Sen. Joe Manchin, who thus far has opposed Democrats’ big election reform bill, has finally made his counteroffer. On Wednesday, the West Virginian proposed a series of changes to the For the People Act that could win his vote. Democrats should grab the deal, even though it is not perfect, is still unlikely to pass, and doesn’t yet address the greatest threat in upcoming elections: the danger of election subversion.
Let’s begin with the lay of the land: Democrats have two big voting reform bills working their way through Congress. The first, the For the People Act (also commonly known as H.R. 1 or S 1), is a gargantuan bill that does many things from limiting partisan gerrymandering to requiring a period of early voting to establishing a public financing program for congressional campaigns to reenfranchising felons who have completed their time in prison to setting up a system of Supreme Court ethics reform. The second bill, the John Lewis Voting Rights Act, would restore a key provision of the Voting Rights Act that the Supreme Court killed off in its 2013 decision Shelby County v. Holder. That “preclearance” law required jurisdictions with a history of discrimination to get approval from the U.S. Department of Justice or a three-judge court in D.C. for any changes in voting rules. To get federal approval, the state had to show that its changes would not make protected minorities worse off. If preclearance were still in place, Georgia’s recent voting law and Texas’ proposed voting law would have to go through close review before implementation.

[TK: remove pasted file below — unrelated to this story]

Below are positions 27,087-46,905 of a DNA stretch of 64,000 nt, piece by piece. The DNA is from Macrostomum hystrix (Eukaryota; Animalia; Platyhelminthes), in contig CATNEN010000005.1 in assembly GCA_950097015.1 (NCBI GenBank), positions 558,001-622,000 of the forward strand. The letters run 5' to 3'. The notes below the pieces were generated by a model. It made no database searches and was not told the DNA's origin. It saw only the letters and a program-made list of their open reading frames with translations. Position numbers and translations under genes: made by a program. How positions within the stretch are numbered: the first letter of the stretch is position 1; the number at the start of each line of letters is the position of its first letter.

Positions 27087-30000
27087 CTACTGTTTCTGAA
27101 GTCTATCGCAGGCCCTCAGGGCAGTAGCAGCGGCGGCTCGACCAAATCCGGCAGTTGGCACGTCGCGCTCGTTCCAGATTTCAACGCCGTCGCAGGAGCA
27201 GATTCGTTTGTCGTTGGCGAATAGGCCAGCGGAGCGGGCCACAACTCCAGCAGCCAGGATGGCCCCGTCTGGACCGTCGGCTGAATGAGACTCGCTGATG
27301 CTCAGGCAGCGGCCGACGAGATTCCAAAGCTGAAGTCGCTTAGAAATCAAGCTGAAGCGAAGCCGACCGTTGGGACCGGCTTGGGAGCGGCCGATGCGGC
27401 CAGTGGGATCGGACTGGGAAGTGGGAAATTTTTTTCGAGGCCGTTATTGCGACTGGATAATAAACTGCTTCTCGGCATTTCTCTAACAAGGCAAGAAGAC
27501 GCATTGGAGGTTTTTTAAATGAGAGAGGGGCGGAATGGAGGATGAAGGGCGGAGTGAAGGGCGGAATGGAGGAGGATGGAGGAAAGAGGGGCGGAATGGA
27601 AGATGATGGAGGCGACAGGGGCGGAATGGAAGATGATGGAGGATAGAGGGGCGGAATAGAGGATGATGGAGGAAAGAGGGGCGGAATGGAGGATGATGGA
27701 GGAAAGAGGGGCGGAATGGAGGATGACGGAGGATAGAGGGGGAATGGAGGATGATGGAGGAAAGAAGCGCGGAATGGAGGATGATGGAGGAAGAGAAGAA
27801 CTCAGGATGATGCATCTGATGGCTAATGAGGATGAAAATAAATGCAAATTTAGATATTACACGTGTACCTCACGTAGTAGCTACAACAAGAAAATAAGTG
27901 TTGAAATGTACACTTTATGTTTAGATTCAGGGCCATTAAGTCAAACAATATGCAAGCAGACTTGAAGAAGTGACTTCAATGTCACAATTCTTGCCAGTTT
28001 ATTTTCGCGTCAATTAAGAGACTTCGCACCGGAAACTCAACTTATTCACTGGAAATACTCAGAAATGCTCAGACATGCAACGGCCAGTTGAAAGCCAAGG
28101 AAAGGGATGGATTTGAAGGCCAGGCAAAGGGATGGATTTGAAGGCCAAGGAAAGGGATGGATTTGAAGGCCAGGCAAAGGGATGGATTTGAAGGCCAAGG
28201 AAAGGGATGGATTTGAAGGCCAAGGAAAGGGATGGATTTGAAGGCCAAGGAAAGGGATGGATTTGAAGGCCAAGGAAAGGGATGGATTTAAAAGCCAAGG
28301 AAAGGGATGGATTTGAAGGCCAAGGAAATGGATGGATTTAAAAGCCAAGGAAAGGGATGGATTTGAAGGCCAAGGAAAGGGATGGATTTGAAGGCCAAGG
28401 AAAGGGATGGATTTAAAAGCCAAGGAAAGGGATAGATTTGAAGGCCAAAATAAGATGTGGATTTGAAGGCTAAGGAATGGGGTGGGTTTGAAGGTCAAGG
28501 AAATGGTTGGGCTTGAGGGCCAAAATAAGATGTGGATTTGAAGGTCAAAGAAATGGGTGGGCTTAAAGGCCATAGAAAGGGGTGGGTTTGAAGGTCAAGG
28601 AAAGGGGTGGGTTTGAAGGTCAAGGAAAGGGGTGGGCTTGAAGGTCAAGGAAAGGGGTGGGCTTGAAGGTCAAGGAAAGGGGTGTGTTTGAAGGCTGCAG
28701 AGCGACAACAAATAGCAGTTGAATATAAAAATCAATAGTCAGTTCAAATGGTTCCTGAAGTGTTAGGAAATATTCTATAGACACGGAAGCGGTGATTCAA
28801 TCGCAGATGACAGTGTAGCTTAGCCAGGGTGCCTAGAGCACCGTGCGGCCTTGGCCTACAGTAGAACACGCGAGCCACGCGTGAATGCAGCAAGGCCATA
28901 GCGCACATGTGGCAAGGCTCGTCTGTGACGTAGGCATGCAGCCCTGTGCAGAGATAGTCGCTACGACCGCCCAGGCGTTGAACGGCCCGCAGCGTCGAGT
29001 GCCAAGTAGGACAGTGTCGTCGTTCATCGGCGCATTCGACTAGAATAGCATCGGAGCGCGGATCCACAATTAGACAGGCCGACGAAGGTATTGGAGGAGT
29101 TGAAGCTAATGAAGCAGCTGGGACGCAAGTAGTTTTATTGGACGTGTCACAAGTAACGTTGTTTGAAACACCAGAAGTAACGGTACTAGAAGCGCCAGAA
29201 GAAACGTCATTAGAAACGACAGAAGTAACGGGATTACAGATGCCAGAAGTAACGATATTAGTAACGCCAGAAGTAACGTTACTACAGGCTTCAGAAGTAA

The For the People Act passed the House but has been stuck in the Senate. John Lewis is further behind, as House committees are seeking to build a strong legislative record for the inevitable court challenge that would follow any attempt to restore preclearance. Democrats have the slimmest of margins in the Senate, and Joe Manchin has been the sole Democratic senator not to endorse the For the People Act (though rumblings are that other Democrats signed on for messaging and are not happy with some parts of it). He has been more supportive of the John Lewis bill, but he suggested extending preclearance to all 50 states (a standard that may have a tough time before the Supreme Court). Even if Manchin signed on to support the bill, it would be the subject of a Senate filibuster. Senate Minority Leader Mitch McConnell is adamantly opposed to the bill, especially because of the campaign finance provisions he doesn’t like, and Manchin so far has strongly opposed eliminating the filibuster (even just for voting rights legislation, as I proposed in Slate in 2018).
With new pressure on Manchin since he again backed the filibuster and stated his explicit opposition to the initial version of the For the People Act earlier this month, he finally released his counteroffer on Wednesday. It includes a number of the most important voting rights and campaign finance priorities of the original bill, including a requirement of 15 days of early voting in federal elections, automatic voter registration, limits on partisan gerrymandering, and improved campaign finance disclosure. He’s also on board with extending campaign finance provisions to communications on the internet and to currently nondisclosing “dark money” groups, prohibiting false information about when, where, and how people vote, and an updated preclearance process.